Rep. Craig Riedel talks with Rep. Jason Stephens as he leaves the House Chamber for the last time as a member of the Ohio General Assembly on the morning of Thursday, December 15, 2022. In the background is Rep. Dick Stein. (Photo/Adam Papin)

COLUMBUS – It’s 5:30 a.m., and the state representatives are growing restless as they wait for the final piece of legislation they need to vote on before adjourning for the holidays. They’ve been in session since 1 p.m. the previous afternoon, caucusing behind closed doors with the Senate in attempts to agree on legislation and then returning to vote through the night on unfinished business from the term.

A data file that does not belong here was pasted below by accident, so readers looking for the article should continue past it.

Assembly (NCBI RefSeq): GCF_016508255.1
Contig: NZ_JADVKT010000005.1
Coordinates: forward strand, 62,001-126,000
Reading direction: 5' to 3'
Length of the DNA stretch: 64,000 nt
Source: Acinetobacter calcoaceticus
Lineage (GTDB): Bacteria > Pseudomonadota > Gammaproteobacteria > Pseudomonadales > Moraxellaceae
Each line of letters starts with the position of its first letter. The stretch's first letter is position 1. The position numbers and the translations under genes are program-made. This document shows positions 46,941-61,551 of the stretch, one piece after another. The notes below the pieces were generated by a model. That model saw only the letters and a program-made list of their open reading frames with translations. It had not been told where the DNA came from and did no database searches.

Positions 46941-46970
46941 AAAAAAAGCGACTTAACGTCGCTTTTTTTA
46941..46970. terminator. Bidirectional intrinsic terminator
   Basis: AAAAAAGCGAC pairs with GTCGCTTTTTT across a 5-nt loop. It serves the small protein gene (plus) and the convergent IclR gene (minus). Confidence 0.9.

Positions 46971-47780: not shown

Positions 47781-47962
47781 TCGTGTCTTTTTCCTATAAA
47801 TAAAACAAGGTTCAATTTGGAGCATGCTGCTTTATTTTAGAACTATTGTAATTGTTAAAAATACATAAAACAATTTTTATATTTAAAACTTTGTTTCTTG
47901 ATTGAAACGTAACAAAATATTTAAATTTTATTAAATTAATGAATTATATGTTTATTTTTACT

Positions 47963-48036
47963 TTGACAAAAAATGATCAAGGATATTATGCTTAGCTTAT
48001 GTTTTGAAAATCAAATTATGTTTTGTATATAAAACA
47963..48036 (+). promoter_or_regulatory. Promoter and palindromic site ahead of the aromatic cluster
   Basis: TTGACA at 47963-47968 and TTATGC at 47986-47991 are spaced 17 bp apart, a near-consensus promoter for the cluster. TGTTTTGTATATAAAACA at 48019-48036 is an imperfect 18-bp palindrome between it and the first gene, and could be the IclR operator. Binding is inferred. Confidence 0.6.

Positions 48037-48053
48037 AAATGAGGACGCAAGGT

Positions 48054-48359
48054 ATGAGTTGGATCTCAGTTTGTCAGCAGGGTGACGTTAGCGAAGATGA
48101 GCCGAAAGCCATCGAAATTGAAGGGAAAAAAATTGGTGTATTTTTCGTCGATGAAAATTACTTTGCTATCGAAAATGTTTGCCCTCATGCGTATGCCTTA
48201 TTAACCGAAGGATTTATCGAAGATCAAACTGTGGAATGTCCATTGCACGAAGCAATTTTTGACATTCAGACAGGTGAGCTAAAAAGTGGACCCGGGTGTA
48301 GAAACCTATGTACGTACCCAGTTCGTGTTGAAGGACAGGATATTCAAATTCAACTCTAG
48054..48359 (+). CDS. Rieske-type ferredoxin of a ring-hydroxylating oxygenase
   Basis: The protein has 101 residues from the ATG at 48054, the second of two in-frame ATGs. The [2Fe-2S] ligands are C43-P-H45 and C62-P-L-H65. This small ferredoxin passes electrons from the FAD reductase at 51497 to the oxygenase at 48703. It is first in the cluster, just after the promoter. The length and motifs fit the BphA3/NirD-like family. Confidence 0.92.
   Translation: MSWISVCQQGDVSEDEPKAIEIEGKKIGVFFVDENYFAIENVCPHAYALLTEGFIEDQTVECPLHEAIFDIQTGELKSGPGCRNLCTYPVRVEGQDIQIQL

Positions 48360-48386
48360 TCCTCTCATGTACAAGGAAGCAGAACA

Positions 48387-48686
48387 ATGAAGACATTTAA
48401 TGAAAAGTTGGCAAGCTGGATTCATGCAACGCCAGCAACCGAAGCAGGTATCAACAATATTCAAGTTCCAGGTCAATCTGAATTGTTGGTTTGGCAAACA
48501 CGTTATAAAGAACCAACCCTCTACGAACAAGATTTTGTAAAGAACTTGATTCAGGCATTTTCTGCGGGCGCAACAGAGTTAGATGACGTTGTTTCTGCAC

A few minutes earlier, Rep. Bill Seitz announced the arrival of donuts and coffee to help pull the legislators across the finish line. While they wait for the Senate’s $6.6 billion spending bill, Speaker Bob Cupp invokes another tradition, honoring those representatives who won’t be returning in January.

Among them is Craig Riedel, who serves Defiance, Paulding, Van Wert and part of Auglaize counties, representing the 82nd district. After six years in the General Assembly, he is leaving, but not the way he had hoped.

When new Congressional maps were drawn, Defiance was put in the new 9th district, and Republicans saw a chance to take out Marcy Kaptur, the longest-serving woman in U.S. history.

Riedel was the last candidate in a crowded primary, where he joined state senator Theresa Gavarone and J.R. Majewski. Ultimately, Majewski narrowly prevailed in the primary, and after questions were raised about his military service, he was soundly defeated by Kaptur.